Religious affairs minister says death threats causing him ‘a wretched feeling’

‘We already know where this leads,’ Matan Kahana warns after reportedly being threatened with kabbalistic death curse

Religious Affairs Minister Matan Kahana. (Yonatan Sindel/Flash90)
Religious Affairs Minister Matan Kahana. (Yonatan Sindel/Flash90)

Religious Affairs Minister Matan Kahana said on Saturday that recent death threats against him, including religious edicts invoking his death, have given him “a wretched feeling.”

Kahana has faced threats as he pushes ahead with profound reforms of Israel’s religious services that are deeply unpopular with the country’s ultra-Orthodox community.

Kahana, a member of Prime Minister Naftali Bennett’s right-wing Yamina party, is a strictly religious Orthodox Jew. He says his initiatives are aimed at strengthening Israel’s Jewish character.

He has been assigned additional security in recent days due to threats against him, including din rodef and pulsa dinura religious edicts.

The Talmudic din rodef, or “law of the pursuer” edict, allows for the extrajudicial killing of a person who represents a grave threat. The Haaretz daily said an extremist group had issued the order against Kahana.

An unnamed security source told the paper it was the most serious security threat against a politician since a din rodef was issued against former prime minister Yitzhak Rabin before his assassination.

The pulsa dinura is a kabbalistic death curse that translates to “lashes of fire” in Aramaic. The ritual invoking divine retribution has a shadowy past in Jewish mysticism and Israeli politics. A group of right-wing extremists performed the ritual against Rabin barely a month before his death, and another group claimed to have done the same six months before former prime minister Ariel Sharon’s collapse.

Activists performing a “Pulsa Dinura” against Yitzhak Rabin shortly before his death in 1995. (Nati Shohat/Flash90)

When asked about the two edicts issued against him, Kahana told Channel 12, “It doesn’t make me happy.”

“It is absolutely not going to stop me from advancing the things I believe in, strengthening Israel’s Jewish character,” he said. “The problem with the din rodef is that we already know where it leads.”

He stressed that it was “fine and legitimate” to oppose him and that “99 percent of the people against me adhere to the law.” But when there is rhetoric saying, “We must do anything to stop him,” and a din rodef, eventually an extremist could “take it seriously,” he said.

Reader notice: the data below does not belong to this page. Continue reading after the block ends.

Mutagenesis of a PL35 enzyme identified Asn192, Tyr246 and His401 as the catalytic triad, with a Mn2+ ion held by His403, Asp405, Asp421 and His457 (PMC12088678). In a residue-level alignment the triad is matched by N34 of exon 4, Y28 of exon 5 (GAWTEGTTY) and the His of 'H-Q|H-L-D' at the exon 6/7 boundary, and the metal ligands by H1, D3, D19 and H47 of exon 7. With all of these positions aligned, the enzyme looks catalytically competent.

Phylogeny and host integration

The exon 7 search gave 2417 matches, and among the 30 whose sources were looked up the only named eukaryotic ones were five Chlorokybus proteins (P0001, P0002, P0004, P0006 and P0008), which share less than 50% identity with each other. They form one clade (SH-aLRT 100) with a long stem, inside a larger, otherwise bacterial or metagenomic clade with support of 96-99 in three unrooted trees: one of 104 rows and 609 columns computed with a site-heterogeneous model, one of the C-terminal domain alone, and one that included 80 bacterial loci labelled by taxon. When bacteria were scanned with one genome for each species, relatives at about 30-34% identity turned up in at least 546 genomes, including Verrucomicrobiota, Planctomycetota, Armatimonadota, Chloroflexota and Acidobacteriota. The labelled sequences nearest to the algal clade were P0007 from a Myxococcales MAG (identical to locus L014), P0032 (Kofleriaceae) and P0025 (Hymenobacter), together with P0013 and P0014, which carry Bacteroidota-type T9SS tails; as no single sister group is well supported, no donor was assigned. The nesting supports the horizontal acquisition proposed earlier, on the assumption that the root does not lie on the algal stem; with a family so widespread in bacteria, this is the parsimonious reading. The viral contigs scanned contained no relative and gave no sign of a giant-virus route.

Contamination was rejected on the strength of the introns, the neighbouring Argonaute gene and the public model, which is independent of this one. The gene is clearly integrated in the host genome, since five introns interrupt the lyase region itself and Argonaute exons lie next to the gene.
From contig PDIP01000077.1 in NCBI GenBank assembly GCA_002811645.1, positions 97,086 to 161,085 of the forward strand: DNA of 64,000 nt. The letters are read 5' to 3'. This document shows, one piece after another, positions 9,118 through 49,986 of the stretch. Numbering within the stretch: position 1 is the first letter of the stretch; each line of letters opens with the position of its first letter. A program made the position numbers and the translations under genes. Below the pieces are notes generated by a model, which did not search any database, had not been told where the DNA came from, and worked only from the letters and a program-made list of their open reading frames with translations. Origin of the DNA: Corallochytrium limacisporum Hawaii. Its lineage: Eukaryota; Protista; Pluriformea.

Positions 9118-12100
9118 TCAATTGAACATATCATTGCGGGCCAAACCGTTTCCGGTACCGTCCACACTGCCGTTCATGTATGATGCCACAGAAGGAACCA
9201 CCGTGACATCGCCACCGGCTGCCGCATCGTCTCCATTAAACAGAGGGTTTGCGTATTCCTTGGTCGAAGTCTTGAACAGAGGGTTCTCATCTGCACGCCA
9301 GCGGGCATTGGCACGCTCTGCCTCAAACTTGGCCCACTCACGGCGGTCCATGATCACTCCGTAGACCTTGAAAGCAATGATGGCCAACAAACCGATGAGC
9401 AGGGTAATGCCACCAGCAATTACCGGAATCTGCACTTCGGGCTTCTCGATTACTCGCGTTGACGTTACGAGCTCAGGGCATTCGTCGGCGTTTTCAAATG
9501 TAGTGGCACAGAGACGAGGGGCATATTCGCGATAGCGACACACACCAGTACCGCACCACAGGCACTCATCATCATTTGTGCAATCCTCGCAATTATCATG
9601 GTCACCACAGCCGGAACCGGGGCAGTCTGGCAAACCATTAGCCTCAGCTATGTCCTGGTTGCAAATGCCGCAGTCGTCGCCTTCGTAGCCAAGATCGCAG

“We need to be cautious about how we talk,” he added.

“It’s a wretched feeling because after 30 years as a combat soldier in the IDF, when my enemy was our enemy, and I knew who they were, now, to hear there are threats from Jewish Israeli citizens, it really saddens me.”

When asked if he believed in the pulsa dinura, Kahana said, “I don’t know enough about it.”

He said he had not received threats directly, but the Shin Bet internal security service said there were concrete threats against him.

Among Kahana’s plans is to overhaul Israel’s kashrut supervision process, revamp local religious councils to ensure more roles for women, reform the vexatious issue of conversions to Judaism, and enable the ultra-Orthodox community to more easily enter the workforce.

The threats against Kahana appear to be part of a scathing, months-long online campaign launched against Kahana’s Yamina party for joining the new government that ousted Benjamin Netanyahu after 12 consecutive years in power.

Netanyahu’s Likud and allied factions have accused Yamina of betraying the right in joining a coalition that includes other right-wing, centrist and left-wing parties, plus an Islamist faction.

Earlier this month, coalition whip MK Idit Silman, also from Yamina, filed a formal complaint with the Knesset Guard after she said she was physically attacked by a man at a gas station in the central city of Modiin. Netanyahu and other opposition figures called her account into question.

In June, as the final details of the coalition agreement that ousted Netanyahu were being negotiated, Silman claimed that she had been followed by another vehicle while driving.

At the time, Bennett and Yamina No. 2 Ayelet Shaked, who is the interior minister, both received increased security following threats.

Meretz member Tamar Zandberg, the environment protection minister, was forced to flee her home at one point due to threats made against her and her daughter.

A group of prominent rabbis affiliated with the national-religious movement issued a call on Sunday for protest against the government over its policies on religion and state, partly due to Kahan’s planned reforms.

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